These Wisconsin communities each have their own unique way of welcoming the buds, blossoms and birds of spring
The long winter has most Midwesterners itching to get outside and have some fun. For those looking to stretch their wings this spring, there are great events happening in communities throughout the Badger State. Whether you’re an athlete, artist, nature enthusiast or music lover, you’re sure to find the perfect excuse for a spring getaway.
Catching Spring on the Run
In Vilas County, winter lasts a long, long time. When spring finally comes to the Northwoods, it’s a real sight to behold.
A great way to experience the natural wonders of springtime in Wisconsin’s most beautiful woodlands is the annual Journeys Marathon. The marathon is run on the second weekend in May. The course winds around Vilas County’s lakes and forests as it takes runners from Boulder Junction to Eagle River. The mild spring temperatures are ideal for the race.
For those looking for a shorter race, there’s also a Half Marathon, a 13.1-mile power walk, a 5k and a Kids Fun Run. Put on your running shoes and hit the woods.
Fantastic Feathered Festival
The Horicon Marsh Bird Festival is held Thursday to Monday over the first full weekend in May. It is an annual gathering of bird and nature lovers from around the country for four days of birding tours by boat, bus and foot through the incredible Horicon Marsh in Dodge County.
Learn about the mind-boggling migrations of neotropicals. Learn to identify nocturnal birds by sound. Learn firsthand from biologists and birding experts. Presentations, hands-on demonstrations and fascinating speakers are scheduled throughout the festival, including a presentation by naturalist, author and photographer Stan Tekiela.
Be the Artist!
Those looking to encourage the blossoming of their own inner artist should learn about the Artists Interactive series of exhibits, classes and hands-on demonstrations in Price, Vilas and Oneida counties of northern Wisconsin.
During the late spring, artists who live and work in the Northwoods will be showcasing and sharing their talents with visitors. Through classes and hands-on demonstrations, you’ll have a chance to enrich your own artistic abilities and learn new skills. Artists Interactive classes include painting, woodworking, ceramics, quilting and more.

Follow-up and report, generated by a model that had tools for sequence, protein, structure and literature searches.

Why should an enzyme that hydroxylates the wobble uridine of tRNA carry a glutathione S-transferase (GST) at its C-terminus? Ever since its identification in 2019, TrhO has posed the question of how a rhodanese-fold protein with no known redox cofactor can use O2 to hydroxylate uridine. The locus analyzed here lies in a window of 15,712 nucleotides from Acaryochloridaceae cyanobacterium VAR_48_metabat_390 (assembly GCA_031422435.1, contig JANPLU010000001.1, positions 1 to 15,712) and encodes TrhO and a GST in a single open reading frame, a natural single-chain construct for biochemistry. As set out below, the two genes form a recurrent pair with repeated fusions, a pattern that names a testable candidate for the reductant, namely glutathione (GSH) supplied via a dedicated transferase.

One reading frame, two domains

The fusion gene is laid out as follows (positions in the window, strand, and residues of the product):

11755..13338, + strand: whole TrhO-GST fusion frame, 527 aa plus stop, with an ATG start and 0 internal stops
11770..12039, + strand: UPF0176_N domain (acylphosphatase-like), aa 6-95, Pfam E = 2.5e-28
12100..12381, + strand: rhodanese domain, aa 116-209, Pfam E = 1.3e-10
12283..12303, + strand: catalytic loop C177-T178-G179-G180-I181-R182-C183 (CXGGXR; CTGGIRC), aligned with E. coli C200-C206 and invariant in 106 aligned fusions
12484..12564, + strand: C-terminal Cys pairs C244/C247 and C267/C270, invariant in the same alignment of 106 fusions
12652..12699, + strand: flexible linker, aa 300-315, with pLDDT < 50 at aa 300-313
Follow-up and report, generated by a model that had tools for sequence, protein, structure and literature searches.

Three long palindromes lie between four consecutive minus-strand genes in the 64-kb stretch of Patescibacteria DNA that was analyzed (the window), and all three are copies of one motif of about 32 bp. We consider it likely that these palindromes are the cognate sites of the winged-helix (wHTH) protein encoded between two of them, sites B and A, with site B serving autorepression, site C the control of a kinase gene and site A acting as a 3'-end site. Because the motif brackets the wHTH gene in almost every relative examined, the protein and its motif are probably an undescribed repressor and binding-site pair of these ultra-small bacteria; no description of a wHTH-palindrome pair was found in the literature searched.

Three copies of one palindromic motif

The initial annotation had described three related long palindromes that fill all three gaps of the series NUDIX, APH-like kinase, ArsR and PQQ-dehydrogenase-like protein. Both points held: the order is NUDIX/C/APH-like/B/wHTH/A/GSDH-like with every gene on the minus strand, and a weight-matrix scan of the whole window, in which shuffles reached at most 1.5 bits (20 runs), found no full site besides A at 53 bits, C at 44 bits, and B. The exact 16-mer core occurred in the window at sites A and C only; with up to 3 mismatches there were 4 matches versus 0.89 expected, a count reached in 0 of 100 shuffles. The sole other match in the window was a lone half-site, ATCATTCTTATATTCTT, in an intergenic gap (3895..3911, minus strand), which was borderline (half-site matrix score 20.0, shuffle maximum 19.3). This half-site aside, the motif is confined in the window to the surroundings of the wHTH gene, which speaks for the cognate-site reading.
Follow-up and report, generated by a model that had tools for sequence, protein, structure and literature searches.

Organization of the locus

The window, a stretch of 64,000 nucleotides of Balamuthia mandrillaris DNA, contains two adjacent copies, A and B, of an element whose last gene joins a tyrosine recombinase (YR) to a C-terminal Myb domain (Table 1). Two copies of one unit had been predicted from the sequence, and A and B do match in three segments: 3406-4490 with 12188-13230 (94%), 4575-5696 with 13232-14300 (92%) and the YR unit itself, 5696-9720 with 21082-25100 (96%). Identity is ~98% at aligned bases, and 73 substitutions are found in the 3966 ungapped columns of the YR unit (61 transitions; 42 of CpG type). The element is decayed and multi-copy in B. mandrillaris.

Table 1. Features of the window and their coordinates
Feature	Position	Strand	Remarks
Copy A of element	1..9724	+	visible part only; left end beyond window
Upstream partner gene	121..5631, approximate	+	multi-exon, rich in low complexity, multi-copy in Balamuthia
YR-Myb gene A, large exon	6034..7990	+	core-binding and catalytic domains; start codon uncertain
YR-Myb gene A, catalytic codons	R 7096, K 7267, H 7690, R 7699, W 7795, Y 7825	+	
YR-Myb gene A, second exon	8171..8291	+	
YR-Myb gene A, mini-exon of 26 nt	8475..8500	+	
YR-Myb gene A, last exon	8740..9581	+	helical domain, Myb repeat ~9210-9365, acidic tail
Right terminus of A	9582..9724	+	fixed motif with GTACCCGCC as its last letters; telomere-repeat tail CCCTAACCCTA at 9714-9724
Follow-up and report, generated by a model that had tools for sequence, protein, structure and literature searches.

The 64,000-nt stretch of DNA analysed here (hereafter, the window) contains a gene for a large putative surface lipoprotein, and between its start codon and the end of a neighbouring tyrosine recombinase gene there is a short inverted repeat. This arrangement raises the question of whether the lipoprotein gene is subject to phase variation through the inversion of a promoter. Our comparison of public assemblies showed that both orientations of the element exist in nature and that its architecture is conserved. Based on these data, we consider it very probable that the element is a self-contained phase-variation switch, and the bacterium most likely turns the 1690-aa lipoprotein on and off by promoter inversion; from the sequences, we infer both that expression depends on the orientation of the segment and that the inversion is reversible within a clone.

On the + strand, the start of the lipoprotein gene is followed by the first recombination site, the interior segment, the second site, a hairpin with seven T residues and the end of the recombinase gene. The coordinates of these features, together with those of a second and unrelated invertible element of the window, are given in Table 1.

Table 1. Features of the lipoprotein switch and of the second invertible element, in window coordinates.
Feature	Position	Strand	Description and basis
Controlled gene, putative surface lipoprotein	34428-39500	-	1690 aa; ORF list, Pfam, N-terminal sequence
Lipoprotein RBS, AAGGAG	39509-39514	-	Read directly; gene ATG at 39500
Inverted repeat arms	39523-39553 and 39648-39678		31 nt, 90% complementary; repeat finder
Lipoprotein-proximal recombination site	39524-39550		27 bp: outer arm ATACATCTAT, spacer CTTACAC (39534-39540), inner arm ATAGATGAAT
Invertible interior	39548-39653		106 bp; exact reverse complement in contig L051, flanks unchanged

Whether you’re a seasoned birder or just want to see something amazing, the spring migration at Horicon Marsh is an aerial display you won’t want to miss
The spring and fall migrations are annual events that birdwatchers live for. The spring migration, in particular, is like the world-series of birdwatching.
Occurring after the long winter months and when most birds are adorned in their peak plumage, the spring migration is the very best time to be out in the fields, forests and marshes with your binoculars. And the absolute best place in southern Wisconsin to witness the migration is the Horicon Marsh in Dodge County.
The northern half of the Horicon Marsh is protected as a National Wildlife Refuge and is maintained for optimal habitat maintenance. The refuge was originally established as a nesting area for the redhead duck, which has flourished in the optimal habitat afforded by the marsh. But what was good for the redheads was good for other hundreds of other bird species as well. During the course of a typical year, nearly 300 types of birds either visit or live on the marsh.
April is the peak of the spring migration at Horicon Marsh. New species are arriving and departing the marsh on a daily basis. Depending on the day, you’ll have a chance to see bald eagles, osprey, a variety of rails, numerous warblers, numerous species of diving ducks and puddle ducks, and several species of shorebirds. For birders looking to cross off some birds on their lifetime list, Horicon in April is the place to be.
One of the best features of the Horicon Marsh is the variety of ways birders can enjoy the marsh.
The refuge has a number of observation areas and trails to choose from, including the Horicon TernPike Auto Tour in the northwest quadrant of the marsh, just off Hwy 49. A short drive or hike on the TernPike will take you to the floating boardwalk, where birdwatchers are afforded a water-level view of some of the best wetland birdwatching east of the Mississippi River.
Guided pontoon boat tours are available at the south end of the marsh in the City of Horicon from Horicon Marsh Boat Tours. And the Horicon Marsh International Education Center, located at the south end of the marsh between the communities of Mayville and Horicon, offers information on both birding and other ecological features of the marsh.
The Midwest’s best kept secret for cross-country skiing and snowshoeing
Just an hour south of the 50 km course for the Midwest’s most famous annual cross-country skiing event—the Birkabeiner in Cable—you’ll find a landscape of rolling hills and quiet forest glades known as the Blue Hills.
The Blue Hills are overshadowed by the more famous Birkie in name only. For ski trail quality and woodland scenery, the Blue Hills can’t be beat. The Blue Hills are home to several trail systems, boasting hundreds of miles of the best skiing in the state. Snowshoers will find several Blue Hills trails for trekking.
Get maps and trail info for all Blue Hills area trails, visit www.bluehillswisconsin.com.